source:  22. Knicks (20-31, LW 19). Carmelo Anthony’s shooting percentage by quarter: 1st 51 percent, 2nd 46.4 percent, third 44.8 percent, fourth 37.3 percent. What this shows me is the load the Knicks are asking Anthony to carry offensively every game is just wearing him down.

 
source:  23. Celtics (18-34, LW 25). If you were going to bet on one team to make a move at the trade deadline, smart money would go on Boston or Orlando. Teams are interested in guys like Brandon Bass, a veteran that can be pugged in at the four or five, start or play off the bench, and be solid.

 
source:  24. Kings (17-34, LW 27). They remain the one team in the NBA most capable of beating anyone or losing to anyone on a given night. Nice wins last week over Chicago and Toronto, then they fell to Washington and Boston.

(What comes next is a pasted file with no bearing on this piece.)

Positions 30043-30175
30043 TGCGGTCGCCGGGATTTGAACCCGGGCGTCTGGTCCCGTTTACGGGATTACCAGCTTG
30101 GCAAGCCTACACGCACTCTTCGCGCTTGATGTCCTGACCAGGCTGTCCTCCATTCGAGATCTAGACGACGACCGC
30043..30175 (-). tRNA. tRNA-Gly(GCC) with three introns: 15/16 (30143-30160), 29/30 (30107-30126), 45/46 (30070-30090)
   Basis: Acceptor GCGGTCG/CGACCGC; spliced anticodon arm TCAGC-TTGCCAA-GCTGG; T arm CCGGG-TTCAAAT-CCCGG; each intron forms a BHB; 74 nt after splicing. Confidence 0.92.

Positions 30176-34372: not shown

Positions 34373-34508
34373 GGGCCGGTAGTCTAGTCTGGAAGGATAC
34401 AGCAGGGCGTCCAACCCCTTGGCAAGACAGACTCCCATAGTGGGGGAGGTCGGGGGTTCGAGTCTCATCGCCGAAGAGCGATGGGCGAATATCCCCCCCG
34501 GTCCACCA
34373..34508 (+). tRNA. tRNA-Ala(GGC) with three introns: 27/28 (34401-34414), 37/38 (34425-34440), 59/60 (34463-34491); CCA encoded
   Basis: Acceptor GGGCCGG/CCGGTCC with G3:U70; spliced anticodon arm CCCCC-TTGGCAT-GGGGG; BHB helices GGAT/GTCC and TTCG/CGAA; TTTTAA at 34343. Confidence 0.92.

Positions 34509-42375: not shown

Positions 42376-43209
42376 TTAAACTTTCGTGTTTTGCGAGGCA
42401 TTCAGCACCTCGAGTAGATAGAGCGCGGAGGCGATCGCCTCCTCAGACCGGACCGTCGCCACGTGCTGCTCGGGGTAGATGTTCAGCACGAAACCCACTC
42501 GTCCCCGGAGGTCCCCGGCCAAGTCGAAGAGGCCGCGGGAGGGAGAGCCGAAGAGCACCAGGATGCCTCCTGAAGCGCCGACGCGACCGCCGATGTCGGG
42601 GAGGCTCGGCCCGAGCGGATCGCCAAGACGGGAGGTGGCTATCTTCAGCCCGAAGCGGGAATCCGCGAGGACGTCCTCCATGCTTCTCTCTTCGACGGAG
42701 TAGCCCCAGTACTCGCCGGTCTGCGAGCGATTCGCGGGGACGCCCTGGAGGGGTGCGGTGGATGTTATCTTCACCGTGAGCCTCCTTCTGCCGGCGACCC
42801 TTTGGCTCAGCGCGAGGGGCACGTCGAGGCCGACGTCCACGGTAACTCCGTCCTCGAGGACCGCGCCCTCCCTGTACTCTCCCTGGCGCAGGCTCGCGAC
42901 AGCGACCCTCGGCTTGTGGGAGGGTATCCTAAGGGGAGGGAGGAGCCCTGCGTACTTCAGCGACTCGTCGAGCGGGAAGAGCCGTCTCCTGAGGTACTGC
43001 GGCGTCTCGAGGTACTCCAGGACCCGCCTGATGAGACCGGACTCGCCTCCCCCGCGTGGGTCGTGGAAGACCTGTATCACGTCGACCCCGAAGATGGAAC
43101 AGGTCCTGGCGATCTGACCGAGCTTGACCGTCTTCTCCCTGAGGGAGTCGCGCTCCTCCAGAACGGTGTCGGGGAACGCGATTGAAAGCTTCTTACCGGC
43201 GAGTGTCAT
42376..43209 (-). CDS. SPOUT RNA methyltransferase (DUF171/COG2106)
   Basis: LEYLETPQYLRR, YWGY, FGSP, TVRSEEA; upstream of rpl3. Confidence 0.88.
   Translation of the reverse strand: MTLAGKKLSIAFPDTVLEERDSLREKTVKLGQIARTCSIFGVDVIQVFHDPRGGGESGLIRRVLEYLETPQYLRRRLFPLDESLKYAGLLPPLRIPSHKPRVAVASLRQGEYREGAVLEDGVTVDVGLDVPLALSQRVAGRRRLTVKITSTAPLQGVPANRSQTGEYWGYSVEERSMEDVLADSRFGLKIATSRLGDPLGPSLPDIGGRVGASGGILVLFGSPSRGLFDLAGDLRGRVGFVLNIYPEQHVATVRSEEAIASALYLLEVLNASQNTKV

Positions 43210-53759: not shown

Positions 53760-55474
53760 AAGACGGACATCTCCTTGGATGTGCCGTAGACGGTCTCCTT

source:  25. Magic (16-37, LW 28). They have won three in a row, the last of those an impressive come-from-behind victory over the Pacers Sunday. Rookie Victor Oladipo sparked it with a hot fourth quarter — his relentless aggressive, hard play is a good piece of the future for this franchise.

 
source:  26. Lakers (18-32, LW 29). Kendall Marshall is averaging 21.3 points per game created by assists since he joined the Lakers, that would be second best in the NBA for the season (trailing only Chris Paul). Even with all the other point guards healthy Mike D’Antoni needs to play this kid.

 
source:  27. Jazz (17-33, LW 23). Another team that could be selling at the deadline — Richard Jefferson has played well of late and could be caching the eye or teams looking for veteran with help. Marvin Williams has been solid, too.